Basic pin shoot rules and guidelines
All normal range safety rules apply. These are the rules for the match itself. This is a compilation of rules from two different clubs, who use slightly different rules, but mostly the same.
Distance: 25 feet
Pin type: Five full size bowling pins for all calibers larger than .22 rim fire. six inch (five inch at Custer, WA.) Bowling pin tops for rim fire.
Pin tables: 36" to 40" high. Eight feet wide, four feet deep. Typically four tables are required, but you can get by with only two.
Pin spots: Pins are spotted 16 inches apart, twelve inches from the front edge of the table for pin tops, and for center fire calibers more powerful than .38 Special/9mm. Spots for 38 Special/9mm. and below are sixteen inches from the rear edge of the table.
Format: Matches are head-to-head. The first shooter to get all five pins ON THE GROUND OR BERM wins the round. Pins knocked over must be shot off the table and onto the ground. Tie tables are shot over. Each round is two out of three to advance. Either single or double elimination can be used. If double elimination, the final round should be three out of five.
Timing In: Each shooter shoots four tables, of five pins per table, individually timed. The shooter's three best times are added together, and the first round match-ups are determined by qualifying times. Match-ups can be either fastest against next fastest down to slowest against next slowest, or fastest against slowest, or however you want to do it. Fastest against next fastest is best for new shooters, as they get to shoot against other new shooters, in most cases. Other schemes for match-ups can also be used. Timing in is a good idea, rather than perhaps just a luck-of-the-draw match-up, as it allows every shooter to get warmed up a bit, and to be sure everything is working OK.
Start: Referee's commands are typically "Shooters to the line", "Load and make ready.", "Ready on the left", "Ready on the right", and "Standby." Shooter's start position can be either be with gun touching the table, if there is a table, or with the gun pointed down at a 45 degree angle. When the referee's timer horn blows, the shooters commence firing until the referee announces either "Winner on the Left", "Winner on the right", or "Tie table".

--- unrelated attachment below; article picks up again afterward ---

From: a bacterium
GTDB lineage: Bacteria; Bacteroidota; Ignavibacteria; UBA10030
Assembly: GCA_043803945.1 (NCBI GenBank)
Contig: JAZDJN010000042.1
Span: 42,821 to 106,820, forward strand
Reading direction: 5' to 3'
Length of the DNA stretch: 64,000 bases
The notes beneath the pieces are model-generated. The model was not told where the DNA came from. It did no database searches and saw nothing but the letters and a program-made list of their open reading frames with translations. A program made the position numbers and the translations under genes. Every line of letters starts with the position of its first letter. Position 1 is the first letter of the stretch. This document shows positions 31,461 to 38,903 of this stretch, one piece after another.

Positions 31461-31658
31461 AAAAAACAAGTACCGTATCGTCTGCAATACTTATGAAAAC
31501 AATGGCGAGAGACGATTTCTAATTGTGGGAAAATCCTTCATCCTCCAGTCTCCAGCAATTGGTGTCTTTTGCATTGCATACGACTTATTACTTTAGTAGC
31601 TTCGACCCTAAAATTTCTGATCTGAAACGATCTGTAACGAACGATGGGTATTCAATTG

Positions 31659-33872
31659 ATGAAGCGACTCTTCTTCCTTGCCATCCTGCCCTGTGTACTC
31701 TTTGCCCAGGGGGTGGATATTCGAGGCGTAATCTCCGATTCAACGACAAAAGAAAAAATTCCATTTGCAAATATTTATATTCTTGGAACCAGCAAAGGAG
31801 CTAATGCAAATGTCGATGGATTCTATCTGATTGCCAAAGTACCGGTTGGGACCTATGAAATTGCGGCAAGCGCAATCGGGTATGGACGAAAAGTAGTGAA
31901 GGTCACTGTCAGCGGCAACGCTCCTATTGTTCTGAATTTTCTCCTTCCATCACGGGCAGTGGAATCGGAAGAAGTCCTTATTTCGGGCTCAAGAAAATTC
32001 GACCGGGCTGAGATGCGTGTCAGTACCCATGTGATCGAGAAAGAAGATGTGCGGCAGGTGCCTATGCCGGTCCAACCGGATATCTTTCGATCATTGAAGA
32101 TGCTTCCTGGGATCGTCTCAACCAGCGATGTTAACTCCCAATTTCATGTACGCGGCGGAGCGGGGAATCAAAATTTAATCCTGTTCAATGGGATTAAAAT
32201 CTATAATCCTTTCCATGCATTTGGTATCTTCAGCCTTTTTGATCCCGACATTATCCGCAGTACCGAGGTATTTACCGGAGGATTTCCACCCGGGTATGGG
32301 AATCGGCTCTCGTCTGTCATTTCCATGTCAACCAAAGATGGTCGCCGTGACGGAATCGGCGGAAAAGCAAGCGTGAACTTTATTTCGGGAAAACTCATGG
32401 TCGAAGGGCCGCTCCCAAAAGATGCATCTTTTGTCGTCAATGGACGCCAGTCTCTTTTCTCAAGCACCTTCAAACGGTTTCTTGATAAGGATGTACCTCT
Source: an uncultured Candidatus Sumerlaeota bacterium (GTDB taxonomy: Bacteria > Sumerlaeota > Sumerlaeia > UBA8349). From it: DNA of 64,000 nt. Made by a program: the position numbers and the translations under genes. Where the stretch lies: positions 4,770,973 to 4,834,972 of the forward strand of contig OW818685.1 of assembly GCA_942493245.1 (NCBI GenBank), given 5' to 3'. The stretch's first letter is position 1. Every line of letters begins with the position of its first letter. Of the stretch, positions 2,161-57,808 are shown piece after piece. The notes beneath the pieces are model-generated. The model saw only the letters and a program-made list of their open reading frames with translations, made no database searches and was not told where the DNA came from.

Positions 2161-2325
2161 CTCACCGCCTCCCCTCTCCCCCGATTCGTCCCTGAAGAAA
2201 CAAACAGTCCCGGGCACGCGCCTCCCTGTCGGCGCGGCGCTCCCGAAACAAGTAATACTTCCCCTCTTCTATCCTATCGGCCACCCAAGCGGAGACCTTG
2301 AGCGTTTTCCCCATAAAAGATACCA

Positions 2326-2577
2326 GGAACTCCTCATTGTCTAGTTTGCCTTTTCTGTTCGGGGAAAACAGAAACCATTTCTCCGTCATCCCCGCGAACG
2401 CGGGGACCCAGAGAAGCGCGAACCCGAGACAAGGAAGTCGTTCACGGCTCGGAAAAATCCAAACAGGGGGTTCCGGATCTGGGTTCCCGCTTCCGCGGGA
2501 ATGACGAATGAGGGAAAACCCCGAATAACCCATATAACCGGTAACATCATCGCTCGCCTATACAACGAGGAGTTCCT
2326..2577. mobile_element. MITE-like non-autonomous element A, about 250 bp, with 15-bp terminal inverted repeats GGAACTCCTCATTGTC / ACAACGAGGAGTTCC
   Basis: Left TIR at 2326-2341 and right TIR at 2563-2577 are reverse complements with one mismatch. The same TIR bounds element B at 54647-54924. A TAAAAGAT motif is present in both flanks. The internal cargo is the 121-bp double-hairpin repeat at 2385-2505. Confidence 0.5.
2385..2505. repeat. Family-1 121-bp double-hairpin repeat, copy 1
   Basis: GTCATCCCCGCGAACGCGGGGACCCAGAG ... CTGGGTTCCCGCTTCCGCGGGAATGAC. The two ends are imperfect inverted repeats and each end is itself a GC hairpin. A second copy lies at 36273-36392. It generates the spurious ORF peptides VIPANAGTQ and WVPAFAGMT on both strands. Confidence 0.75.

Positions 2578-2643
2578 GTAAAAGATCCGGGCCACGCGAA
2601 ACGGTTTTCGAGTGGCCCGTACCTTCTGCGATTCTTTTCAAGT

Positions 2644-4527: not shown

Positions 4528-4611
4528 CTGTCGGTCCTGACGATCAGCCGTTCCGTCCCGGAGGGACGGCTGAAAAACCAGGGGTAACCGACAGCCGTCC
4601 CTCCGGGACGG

Magazines: Rim fire shooters can load no more than ten rounds in their first clip. Center fire shooters can load no more than eight rounds I their first clip.
Ammunition: Lower velocity center fire bullets can bounce back off of a bowling pin with devastating results, so full metal jacketed bullets are not allowed. Hollow points are OK.
Classes: Rim fire optical sight, rim fire iron sight, revolver, semi-auto center fire are the basic classes, but you can split large caliber and smaller caliber center fire into two classes, or split center fire into two classes where if you win or place in the lower division a number of times, you move up to the advanced class.
I put this together in somewhat of a hurry, so if there are any questions, or any rules omitted, please leave me a comment and I'll update the post.
For tables you can start out as simple as using saw horses and plywood for tables, but they WILL get shot up fairly quickly. Heavy steel tables are the way to go if you decide to do a lot of pin shoots.
Pin shooting is the most profitable club activity at Central Whidbey Sportsmen's Association. Entry fees are $8 for center fire, and $5 for rim fire. The rim fire winner gets $1 per rim fire entrant. In the center fire classes, first and second pay, but I forget the exact amount. The balance goes to the club. Some clubs also have a "Fast Table Time" pot, where you can put a buck in the pot, and the whole pot goes to the fastest table time when timing in.
If your club is looking for a way to make a few bucks, have some fun, and try something different, you might just want to try a pin shoot.
If you do, send me some pictures and I'll put them up on Mr. Completely!!